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Wiley Interdiscip Rev RNA. 2017 Jan;8(1). doi: 10.1002/wrna.1367. Epub 2016 Jun 1.

Going global: the new era of mapping modifications in RNA.

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Department of Chemistry, University of Cincinnati, Cincinnati, OH, USA.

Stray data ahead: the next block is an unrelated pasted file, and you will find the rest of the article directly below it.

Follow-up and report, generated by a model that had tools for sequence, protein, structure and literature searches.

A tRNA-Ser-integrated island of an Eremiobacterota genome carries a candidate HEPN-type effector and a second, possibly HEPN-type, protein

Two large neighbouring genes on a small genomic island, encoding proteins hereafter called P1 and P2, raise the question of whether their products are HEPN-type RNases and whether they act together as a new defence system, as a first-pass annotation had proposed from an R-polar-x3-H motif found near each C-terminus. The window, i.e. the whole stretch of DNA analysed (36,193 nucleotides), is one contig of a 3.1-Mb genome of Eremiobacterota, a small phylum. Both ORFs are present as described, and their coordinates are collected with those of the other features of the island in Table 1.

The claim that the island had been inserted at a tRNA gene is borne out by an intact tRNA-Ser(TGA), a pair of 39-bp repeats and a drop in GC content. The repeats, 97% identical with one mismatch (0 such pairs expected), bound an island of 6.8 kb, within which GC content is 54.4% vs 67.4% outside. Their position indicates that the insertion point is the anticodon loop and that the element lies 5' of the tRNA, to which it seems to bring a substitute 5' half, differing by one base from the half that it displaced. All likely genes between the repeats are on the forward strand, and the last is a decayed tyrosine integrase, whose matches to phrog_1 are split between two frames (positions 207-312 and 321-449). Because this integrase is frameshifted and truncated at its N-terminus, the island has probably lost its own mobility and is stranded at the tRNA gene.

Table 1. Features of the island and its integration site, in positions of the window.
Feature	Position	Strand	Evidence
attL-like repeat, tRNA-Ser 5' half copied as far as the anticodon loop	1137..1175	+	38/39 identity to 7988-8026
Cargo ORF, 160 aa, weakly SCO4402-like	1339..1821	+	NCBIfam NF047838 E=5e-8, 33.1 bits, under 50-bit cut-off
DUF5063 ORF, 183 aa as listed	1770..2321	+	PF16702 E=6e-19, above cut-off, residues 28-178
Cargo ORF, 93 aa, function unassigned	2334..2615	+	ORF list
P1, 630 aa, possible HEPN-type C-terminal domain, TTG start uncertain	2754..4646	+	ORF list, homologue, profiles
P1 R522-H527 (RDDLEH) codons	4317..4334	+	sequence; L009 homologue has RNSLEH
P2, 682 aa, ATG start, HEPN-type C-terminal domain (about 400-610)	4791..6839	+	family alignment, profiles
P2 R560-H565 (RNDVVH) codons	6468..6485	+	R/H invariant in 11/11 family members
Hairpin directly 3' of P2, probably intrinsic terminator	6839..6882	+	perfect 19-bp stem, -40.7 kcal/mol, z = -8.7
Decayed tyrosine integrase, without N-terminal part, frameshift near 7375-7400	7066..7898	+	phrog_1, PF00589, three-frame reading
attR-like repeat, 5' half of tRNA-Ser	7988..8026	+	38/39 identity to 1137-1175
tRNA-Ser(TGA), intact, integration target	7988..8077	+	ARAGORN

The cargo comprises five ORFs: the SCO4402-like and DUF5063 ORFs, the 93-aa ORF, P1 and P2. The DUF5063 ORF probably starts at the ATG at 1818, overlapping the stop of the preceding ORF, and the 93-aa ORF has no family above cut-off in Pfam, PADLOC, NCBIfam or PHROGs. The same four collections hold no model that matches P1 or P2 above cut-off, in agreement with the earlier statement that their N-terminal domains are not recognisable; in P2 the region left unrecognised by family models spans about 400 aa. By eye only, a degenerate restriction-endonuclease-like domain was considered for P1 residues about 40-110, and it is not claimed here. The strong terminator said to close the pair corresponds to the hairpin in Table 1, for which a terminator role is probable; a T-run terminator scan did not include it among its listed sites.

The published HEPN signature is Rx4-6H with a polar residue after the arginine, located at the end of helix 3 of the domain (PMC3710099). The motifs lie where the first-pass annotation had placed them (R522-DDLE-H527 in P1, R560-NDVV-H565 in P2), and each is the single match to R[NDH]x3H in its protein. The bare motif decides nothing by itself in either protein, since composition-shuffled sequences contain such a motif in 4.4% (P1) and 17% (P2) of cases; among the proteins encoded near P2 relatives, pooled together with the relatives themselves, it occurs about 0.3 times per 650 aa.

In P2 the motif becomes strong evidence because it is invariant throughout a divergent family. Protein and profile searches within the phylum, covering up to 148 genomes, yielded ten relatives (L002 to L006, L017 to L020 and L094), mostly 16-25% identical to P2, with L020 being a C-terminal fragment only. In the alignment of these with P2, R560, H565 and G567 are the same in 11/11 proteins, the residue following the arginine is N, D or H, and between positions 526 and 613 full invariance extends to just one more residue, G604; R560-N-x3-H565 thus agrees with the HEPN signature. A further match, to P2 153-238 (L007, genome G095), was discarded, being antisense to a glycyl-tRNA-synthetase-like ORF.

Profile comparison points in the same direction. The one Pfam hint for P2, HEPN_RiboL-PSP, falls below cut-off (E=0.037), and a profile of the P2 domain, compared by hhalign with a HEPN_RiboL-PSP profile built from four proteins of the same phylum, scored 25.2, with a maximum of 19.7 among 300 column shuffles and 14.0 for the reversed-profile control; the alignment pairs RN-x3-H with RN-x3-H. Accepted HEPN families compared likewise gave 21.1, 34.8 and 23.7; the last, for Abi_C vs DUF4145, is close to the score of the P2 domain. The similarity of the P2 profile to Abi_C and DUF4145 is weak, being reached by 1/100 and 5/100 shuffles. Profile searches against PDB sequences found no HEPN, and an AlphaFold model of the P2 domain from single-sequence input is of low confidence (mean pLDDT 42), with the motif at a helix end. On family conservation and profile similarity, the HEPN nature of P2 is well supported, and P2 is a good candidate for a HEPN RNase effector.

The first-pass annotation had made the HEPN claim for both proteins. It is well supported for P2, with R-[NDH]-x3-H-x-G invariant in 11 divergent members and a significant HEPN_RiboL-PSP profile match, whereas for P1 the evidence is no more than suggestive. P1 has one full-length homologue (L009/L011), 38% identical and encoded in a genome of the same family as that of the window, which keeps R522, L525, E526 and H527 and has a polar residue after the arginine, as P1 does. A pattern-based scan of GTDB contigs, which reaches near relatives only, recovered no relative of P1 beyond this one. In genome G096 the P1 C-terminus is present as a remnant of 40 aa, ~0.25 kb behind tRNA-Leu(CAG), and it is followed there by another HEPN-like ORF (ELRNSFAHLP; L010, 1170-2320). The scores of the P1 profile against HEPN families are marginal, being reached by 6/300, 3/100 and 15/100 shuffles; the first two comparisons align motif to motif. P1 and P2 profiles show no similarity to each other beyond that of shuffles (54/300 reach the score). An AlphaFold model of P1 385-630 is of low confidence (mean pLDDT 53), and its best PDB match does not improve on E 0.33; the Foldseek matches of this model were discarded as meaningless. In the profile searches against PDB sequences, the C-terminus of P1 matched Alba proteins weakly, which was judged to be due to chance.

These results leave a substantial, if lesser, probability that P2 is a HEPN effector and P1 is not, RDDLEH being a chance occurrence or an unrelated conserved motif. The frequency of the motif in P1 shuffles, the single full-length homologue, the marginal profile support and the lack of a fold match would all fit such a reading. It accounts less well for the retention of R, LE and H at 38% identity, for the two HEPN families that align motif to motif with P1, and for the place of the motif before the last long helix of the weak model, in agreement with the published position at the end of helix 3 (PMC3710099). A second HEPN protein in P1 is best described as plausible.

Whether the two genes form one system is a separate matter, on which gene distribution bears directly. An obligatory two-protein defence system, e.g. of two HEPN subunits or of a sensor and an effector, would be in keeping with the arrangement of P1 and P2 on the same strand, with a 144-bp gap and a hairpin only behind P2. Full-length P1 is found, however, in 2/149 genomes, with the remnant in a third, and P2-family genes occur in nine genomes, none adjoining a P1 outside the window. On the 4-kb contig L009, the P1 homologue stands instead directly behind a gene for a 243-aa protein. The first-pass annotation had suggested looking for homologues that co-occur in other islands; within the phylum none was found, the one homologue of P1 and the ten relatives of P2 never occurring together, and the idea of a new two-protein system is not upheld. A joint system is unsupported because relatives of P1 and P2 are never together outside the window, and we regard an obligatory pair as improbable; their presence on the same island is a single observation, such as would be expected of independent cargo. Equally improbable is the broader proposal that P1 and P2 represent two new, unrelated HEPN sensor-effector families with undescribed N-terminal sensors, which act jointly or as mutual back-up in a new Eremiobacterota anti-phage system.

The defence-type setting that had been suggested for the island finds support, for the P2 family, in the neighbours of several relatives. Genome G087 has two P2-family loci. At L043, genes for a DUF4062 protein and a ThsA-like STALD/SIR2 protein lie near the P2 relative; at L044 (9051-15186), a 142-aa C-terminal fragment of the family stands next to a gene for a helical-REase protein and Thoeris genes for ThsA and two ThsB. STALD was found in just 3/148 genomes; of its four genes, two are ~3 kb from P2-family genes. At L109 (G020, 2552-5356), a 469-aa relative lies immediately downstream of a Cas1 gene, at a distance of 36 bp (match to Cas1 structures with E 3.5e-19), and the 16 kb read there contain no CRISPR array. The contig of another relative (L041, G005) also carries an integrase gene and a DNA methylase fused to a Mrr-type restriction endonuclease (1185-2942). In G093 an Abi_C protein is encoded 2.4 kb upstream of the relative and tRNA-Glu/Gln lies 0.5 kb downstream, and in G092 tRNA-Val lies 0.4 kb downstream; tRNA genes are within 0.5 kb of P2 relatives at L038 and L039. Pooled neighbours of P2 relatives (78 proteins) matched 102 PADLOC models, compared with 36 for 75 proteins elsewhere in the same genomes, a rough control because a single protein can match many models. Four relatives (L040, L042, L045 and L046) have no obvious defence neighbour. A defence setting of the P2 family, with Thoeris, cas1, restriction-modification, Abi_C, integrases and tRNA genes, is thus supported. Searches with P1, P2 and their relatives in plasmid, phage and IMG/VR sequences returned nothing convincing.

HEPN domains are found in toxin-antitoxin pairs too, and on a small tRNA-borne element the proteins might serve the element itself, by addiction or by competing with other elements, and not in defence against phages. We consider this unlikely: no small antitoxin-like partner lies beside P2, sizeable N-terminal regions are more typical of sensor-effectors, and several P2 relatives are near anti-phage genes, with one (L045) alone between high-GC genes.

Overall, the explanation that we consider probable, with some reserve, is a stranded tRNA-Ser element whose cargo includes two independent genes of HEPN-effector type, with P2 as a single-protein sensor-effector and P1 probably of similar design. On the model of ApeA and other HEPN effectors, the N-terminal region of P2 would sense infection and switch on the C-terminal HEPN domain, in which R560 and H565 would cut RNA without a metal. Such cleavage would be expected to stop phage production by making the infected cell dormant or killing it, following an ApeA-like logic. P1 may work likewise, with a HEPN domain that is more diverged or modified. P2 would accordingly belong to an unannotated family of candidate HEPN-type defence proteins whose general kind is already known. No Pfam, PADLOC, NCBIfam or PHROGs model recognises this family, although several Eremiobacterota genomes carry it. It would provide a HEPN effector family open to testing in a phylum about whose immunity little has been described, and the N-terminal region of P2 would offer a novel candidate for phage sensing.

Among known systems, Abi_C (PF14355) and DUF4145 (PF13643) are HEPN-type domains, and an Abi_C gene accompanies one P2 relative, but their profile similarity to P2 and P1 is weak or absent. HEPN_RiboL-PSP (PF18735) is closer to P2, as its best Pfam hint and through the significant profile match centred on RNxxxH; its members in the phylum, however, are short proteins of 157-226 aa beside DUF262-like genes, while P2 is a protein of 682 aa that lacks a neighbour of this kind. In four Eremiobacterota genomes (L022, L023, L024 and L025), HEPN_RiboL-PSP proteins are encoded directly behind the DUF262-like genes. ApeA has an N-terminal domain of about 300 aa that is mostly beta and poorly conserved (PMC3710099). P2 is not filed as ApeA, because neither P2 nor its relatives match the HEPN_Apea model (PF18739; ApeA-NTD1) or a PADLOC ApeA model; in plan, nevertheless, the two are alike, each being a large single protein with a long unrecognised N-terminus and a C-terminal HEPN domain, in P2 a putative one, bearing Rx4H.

The post-transcriptional modification of RNA by the addition of one or more chemical groups has been known for over 50 years. These chemical modifications, once thought to be static, are now being discovered to play key regulatory roles in gene expression. The advent of massive parallel sequencing of RNA (RNA-seq) now allows us to probe the complexity of cellular RNA and how chemically altering RNA structure expands the RNA vocabulary. Here we present an overview of the various strategies and technologies that are available to profile RNA chemical modifications at the cellular level. These strategies can be characterized as targeted and untargeted approaches: targeted strategies are developed for one single chemical modification while untargeted strategies are more broadly applicable to a range of such chemical changes. Key for all of these approaches is the ability to locate modifications within the RNA sequence. While most of these methods are built upon an RNA-Seq pipeline, alternative approaches based on mass spectrometry or conventional DNA sequencing retain value in the overall analysis process. We also look forward toward future opportunities and technologies that may expand the types of modifications that can be globally profiled. Given the ever increasing recognition that these RNA chemical modifications play important biological roles, a variety of methods, preferably orthogonal approaches, will be required to globally identify, validate and quantify RNA chemical modifications found in the transcriptome. WIREs RNA 2017, 8:e1367. doi: 10.1002/wrna.1367 For further resources related to this article, please visit the WIREs website.

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